By Dennis Wyatt, February 12, 2014
How does planting trees in Georgia reduce air pollution in California?
In reality it doesn’t but in the political fantasy world advanced by Assembly Bill 32 known as the “Global Warming Act” it does.
goal of the 2006 measure is to reduce California emissions to 1990
levels by 2020. Who could object to that? But as with most legislation
passed in Sacramento AB32 was long on generalities and lean on details.
This hasn’t been a good thing for cities, businesses, and farmers
struggling to try to figure out how to implement AB32’s mandate to
revert to 1990 air quality levels. It is particularly troublesome in the
San Joaquin Valley that has seen more than a 50 percent jump in air
quality over the past 28 years. AB32 is an overlap on federal air
quality requirements that come with their own maddening dictates. The
valley is already struggling trying to figure out how to meet one
federal pollution benchmark regarding ozone standards that even air
quality experts concede can’t be met even if all vehicle, construction,
farming, and train traffic were to cease tomorrow from Stockton to
Bakersfield. But even when the great wizards of Sacramento get more
specific the rules they outline often lead to smoke and mirrors with no
Then there are the grand schemes aimed at
providing the key muscle to reach lofty goals that lawmakers promise
when cuddling up to special interest groups allegedly in the name of
We saw it happen in 2001 with the electricity
crisis. California got cozy with the energy providers as politicians
danced with the likes of PG&E, Enron, and Southern California Edison
to deregulate the electricity markets in the name of cheaper power for
We all know how that went.
The Global Warming
Act is now starting to show signs that it is a repeat of power
deregulation in terms of unintended consequences.
President Darrell Steinberg last month noted in a Los Angeles Times
piece that the cornerstone of AB32’s implementation — cap and trade —
allows polluters to buy green credits from those that reduce pollution.
in itself isn’t bad but a surprisingly large chunk of those credits are
being bought from out-of-state sources. That’s right. California
businesses that pollute because it is next to impossible to reduce their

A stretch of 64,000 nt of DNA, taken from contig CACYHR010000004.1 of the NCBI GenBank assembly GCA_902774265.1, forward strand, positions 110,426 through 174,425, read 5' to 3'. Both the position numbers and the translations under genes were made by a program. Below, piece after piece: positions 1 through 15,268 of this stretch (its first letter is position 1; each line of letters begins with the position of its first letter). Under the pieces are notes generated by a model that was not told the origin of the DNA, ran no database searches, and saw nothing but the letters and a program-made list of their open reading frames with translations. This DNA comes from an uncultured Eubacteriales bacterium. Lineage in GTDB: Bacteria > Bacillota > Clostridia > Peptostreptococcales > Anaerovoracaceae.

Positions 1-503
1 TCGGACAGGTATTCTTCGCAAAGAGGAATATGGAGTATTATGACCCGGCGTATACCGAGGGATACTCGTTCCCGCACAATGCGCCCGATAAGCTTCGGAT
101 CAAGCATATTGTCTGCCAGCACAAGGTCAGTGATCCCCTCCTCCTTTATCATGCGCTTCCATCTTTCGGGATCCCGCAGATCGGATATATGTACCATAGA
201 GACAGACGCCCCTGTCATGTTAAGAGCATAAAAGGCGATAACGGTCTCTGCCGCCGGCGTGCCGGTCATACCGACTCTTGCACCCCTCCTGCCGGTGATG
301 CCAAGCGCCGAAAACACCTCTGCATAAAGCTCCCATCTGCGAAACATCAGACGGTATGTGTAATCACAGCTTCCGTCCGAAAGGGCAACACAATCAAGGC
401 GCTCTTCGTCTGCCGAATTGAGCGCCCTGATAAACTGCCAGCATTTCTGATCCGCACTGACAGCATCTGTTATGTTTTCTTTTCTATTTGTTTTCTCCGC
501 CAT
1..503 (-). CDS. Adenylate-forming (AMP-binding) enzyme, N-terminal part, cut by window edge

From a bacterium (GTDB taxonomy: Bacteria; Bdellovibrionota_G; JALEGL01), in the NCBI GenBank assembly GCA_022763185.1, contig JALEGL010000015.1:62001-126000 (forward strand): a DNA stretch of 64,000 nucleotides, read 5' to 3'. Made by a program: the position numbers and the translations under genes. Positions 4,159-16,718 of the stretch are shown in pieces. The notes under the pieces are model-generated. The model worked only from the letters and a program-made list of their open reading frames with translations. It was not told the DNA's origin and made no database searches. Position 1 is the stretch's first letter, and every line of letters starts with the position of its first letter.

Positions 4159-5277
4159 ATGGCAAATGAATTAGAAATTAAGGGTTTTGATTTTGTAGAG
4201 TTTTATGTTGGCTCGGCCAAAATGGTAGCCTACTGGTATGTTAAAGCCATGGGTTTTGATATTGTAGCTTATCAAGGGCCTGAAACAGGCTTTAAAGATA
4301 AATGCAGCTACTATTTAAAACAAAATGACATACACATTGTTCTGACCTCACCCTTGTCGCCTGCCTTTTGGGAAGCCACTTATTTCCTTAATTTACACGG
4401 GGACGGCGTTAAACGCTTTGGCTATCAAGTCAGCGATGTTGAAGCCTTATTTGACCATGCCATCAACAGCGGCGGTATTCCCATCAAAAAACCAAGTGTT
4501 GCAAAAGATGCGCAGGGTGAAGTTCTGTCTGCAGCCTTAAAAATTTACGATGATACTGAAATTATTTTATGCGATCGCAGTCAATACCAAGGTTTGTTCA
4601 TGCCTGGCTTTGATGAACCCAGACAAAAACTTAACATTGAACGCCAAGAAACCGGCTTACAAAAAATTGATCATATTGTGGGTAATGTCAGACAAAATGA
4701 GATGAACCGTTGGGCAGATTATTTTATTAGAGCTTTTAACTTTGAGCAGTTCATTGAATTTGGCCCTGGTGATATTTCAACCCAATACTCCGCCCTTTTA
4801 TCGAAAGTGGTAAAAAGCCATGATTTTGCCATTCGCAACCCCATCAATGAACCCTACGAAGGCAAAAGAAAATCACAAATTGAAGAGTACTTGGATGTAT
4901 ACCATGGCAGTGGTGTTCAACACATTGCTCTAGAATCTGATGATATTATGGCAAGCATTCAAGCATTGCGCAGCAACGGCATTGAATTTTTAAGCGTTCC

emissions further are “buying” green credits from sources beyond
California’s borders such as timber firms re-planting trees and dairies
installing methane digesters.
How does this help clean the air in
California? It doesn’t. What it does is drive up the cost of doing
business and living in California with no tangible benefits.
state’s biggest polluters not only aren’t investing in green
technologies for their California operations but they are adding to the
cost of consumer goods such as gasoline by tacking on the cost of buying
emissions credits from out-of-state sources.
You could argue
trees are fleeting sources of greenhouse gas offsets as they have a
tendency to eventually die or be cut down. But if the emissions credits
had gone for trees planted in California at least the state would have
gotten some measurable benefit from what amounts to a costly air
pollution tax ultimately borne by consumers.
It gets worse.
month Gov. Jerry Brown started a push to use $250 million of the permit
fees paid by polluters who couldn’t secure and purchase the cheaper
emissions credits to help start the high speed rail track construction
in the San Joaquin Valley.
So how is the $250 million investment
in the bullet train going to effectively reduce air pollution in the
state’s most problematic air quality region — the San Joaquin Valley? It
might eventually take a chunk out of the air traffic between Los
Angeles and San Francisco. That’s fine. But those flights tend to go
over the ocean and the coast. It’s a major construction project with a
lot of potential for dust — an air quality pollutant under federal
rules. That means it will require lots of water to control the dust.
Since a shortage of water is already causing mass unemployment in the
valley, how will the bullet train construction mean a net gain in valley
jobs if they take water that farming needs an therefore costs jobs?
Oops, wrong Sacramento whooper.
Since the trains run on electricity they won’t emit greenhouse gases, right? Wrong.
need electricity to run. Given the fact that nuclear power was
generating 14 percent of the state’ power mix before San Onofre became
history, there is going to have to be some fossil fuel burning somewhere
to power the trains.
California could blanket the Coastal
Ranges with wind turbines and step up its bird kill. They could cover
the Mojave Desert with solar farms to disturb delicate eco systems. New
hydroelectric power is a bit problematic given how environmentalists
equate building more dams with filling Yosemite Valley with cement.
That means somewhere more greenhouse gas emissions are going to be created to power the governor’s high speed legacy.
world is not perfect. But what California leaders often hype as bold
innovations more often than not come back to bite Golden State taxpayers
and consumers in the pocketbook with minimal or no benefits.
least thanks to cap and trade the people of states such as Georgia are
breathing cleaner air and are enjoying a more robust economy on our